George Floyd: Columbus protests cause damage to the Statehouse

Columbus protests cause damage to the Statehouse

COLUMBUS — Public outrage over the Floyd case prompted widespread civil unrest in Minneapolis and in several cities across the country, including Columbus late Thursday and into early Friday morning.

Pastor Terry Stephens, a Springfield native who now has a church in Columbus was at the protest in Columbus and described what happened.

“A young man was talking to an officer and the officer shoved him out of his face. That sort of erupted things,” Stephens said. Later, water bottles and rocks were thrown at police from people in the crowd of about 300.

Content Continues Below
Protects for justice

Police tried to break up the crowd when the violence began. Within minutes people began attacking bus shelters and breaking the glass shelter walls. An assault on the Ohio Statehouse followed with people using garbage cans to break 28 windows on the historic building. Only then did Columbus police and the Ohio State Highway Patrol form a barrier to protect the building from the crowd.

Friday afternoon Gov. DeWine held a briefing to discuss the violent attack. He said as the State’s former Attorney General and county prosecutor, by instinct, he sees many of these incidents like the Floyd case as a matter of lack of police training.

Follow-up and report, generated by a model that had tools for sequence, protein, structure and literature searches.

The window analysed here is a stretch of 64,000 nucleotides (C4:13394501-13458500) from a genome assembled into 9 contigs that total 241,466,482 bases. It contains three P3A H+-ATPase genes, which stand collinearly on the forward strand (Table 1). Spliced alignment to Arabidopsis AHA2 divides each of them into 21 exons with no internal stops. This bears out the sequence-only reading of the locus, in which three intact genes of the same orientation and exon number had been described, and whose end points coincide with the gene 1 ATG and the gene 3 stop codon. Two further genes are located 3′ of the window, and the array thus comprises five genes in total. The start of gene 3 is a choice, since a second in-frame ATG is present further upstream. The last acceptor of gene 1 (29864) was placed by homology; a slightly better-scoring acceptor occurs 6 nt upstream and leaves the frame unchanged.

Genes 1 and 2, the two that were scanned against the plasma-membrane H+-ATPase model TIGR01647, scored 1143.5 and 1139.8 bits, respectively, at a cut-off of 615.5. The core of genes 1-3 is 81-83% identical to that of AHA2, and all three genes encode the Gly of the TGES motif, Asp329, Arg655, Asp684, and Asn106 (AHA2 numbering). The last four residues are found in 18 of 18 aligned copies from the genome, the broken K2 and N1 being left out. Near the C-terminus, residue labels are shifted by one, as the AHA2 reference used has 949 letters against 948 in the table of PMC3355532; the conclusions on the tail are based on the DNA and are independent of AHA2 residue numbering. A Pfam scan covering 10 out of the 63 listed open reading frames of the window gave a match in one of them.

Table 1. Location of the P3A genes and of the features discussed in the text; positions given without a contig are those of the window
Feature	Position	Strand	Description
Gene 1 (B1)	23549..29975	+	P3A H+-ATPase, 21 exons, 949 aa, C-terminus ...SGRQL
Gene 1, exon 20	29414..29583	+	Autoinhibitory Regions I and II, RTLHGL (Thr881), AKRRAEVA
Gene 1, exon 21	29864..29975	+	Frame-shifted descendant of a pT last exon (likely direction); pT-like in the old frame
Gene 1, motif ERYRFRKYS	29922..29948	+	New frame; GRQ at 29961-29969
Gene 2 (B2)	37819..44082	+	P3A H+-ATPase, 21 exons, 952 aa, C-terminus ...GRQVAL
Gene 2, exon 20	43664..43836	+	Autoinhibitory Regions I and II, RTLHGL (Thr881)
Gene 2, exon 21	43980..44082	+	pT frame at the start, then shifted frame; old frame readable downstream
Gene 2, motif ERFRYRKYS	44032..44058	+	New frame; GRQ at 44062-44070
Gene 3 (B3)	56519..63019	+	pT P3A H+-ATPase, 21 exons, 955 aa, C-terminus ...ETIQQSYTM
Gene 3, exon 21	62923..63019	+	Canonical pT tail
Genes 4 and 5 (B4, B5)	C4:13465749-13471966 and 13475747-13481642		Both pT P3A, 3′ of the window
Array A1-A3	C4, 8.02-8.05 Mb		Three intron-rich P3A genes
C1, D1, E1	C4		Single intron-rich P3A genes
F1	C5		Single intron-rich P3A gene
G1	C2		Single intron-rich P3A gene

DeWine repeated his long-running support for racial equality and people’s right to protest. He urged them to do it peacefully, declining to give details on security plans for the weekend. “I am not going to go into details about what preparations ae there. Talking about security is not generally a good thing. Obviously steps are being taken in case there is more violence,” DeWine said.

The governor added that he has talked with Dayton Mayor Nan Whaley since the incident about security in Ohio cities which may see additional protests. A demonstration is planned for Dayton on Saturday.

The Ohio Statehouse is the site of many protests throughout the year, more recently over the governor’s handling of the COVID-19 crisis. Each of those protests and all of the others held in recent history to focus on a variety of controversial issues, from reproductive rights to gun control, have been non-violent.